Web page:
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Submitted by ajalon on 29 March 2010 - 11:33am
A major factor in the success of your visualization is how test data will be input. Fundamentally, there are three approaches: supply built-in data sets, generate a random data set, or let the user supply the data. There are pros and cons to each approach.
User-provided Data Sets
Under the constructivist theory of learning, should be encouraged to provide their own test data to use when studying a given algorithm or data structure. This allows them to focus on key aspects that they are interested in, or have difﬁculty understanding. This gives them a measure of control and a stake in their learning. Entering data can be done with a simple input box in which the users type numbers or whatever else is appropriate. This is a feature provided by most algorithm visualizations.
If you intend for the visualization to be used by an instructor giving a presentation, then there needs to be an easy mechanism by which the instructor can enter a relatively complex "canned" data set. For example, if the instructor wants to show insertion or deletion in a complex tree structure, the instructor needs a fast and easy way to build up the tree with a meaningful set of input data, and then he or she needs a way to invoke the desired insert or delete command on that built-up tree. A good way to do this might be to allow the user to create a data ﬁle, and read that ﬁle in or cut/paste it into the visualization's data entry box as a whole.
This also opens up a new use for your visualization: debugging. If a learner has implemented something and wants to check his or her results, he or she can turn to your visualization as a reference implementation. He or she could also compare the output of a debugger with the steps taken by your visualization to understand where errors lie.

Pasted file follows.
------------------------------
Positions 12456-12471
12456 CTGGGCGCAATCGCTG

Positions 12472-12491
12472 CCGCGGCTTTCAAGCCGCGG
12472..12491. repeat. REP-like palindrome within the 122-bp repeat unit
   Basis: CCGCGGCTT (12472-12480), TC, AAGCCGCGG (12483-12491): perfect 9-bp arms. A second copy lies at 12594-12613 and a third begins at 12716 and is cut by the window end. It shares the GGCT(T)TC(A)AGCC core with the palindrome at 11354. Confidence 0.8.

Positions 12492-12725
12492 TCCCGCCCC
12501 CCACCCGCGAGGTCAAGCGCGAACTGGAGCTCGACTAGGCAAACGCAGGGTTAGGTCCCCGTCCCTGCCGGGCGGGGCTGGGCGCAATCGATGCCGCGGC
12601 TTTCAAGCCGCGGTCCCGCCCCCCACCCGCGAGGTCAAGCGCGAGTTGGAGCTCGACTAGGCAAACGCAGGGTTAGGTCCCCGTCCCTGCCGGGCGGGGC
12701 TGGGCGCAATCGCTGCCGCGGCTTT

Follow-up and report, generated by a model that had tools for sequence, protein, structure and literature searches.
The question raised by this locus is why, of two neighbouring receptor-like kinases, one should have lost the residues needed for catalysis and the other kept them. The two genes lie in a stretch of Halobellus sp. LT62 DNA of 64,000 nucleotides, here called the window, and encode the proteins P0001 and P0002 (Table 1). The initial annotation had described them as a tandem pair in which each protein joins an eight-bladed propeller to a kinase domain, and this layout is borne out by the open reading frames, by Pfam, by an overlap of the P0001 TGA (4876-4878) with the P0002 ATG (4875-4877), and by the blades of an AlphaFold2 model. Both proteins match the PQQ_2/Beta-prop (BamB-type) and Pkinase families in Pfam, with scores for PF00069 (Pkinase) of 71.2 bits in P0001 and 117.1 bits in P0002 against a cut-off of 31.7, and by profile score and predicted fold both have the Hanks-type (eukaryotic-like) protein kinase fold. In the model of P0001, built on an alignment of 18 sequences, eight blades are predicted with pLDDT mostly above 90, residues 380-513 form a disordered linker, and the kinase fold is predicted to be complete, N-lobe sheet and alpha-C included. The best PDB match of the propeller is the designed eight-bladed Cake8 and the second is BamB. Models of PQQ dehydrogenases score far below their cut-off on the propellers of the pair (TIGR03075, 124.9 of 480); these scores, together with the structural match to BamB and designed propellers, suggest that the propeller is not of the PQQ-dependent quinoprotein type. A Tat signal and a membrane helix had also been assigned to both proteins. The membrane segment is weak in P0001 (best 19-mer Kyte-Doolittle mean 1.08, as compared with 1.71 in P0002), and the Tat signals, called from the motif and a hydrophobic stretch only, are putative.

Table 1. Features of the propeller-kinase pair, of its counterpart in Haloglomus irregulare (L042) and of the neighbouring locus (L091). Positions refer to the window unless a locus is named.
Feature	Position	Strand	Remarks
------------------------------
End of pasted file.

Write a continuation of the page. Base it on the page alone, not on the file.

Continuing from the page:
Random Data Sets
This can be a good way to give the user control over certain aspects of the data set, such as its size, without making them manage all of the details of providing the complete set. For example, the user might want to control the number of records to be sorted, and perhaps a few other key parameters such as the data distribution, or whether the data is pre-sorted or reverse sorted. The user might not care about the exact values being sorted, and might not want to provide, for example, 100 values. On the other hand, using random data could be a problem if it means that the user cannot reproduce previous runs of the visualization.
Good Built-in Data Sets
While constructivist learning theory indicates that allowing users to input data is the ideal, it is also well known that introductory computer science students are poor testors and debuggers. Thus, they will likely beneﬁt from being provided with good test data sets that will appropriately exercise the key features of the algorithm or data structure being visualized. For instance, if you are demonstrating one of the sorting algorithms, it's normally best to use a uniform random data set of sufﬁcient size (unless you are speciﬁcally trying to show the algorithm's performance under a different a class of input). Feeding in "10, 20, 30, 50, 40" to MergeSort and BubbleSort would give learners a misguided idea of the algorithms' respective performances.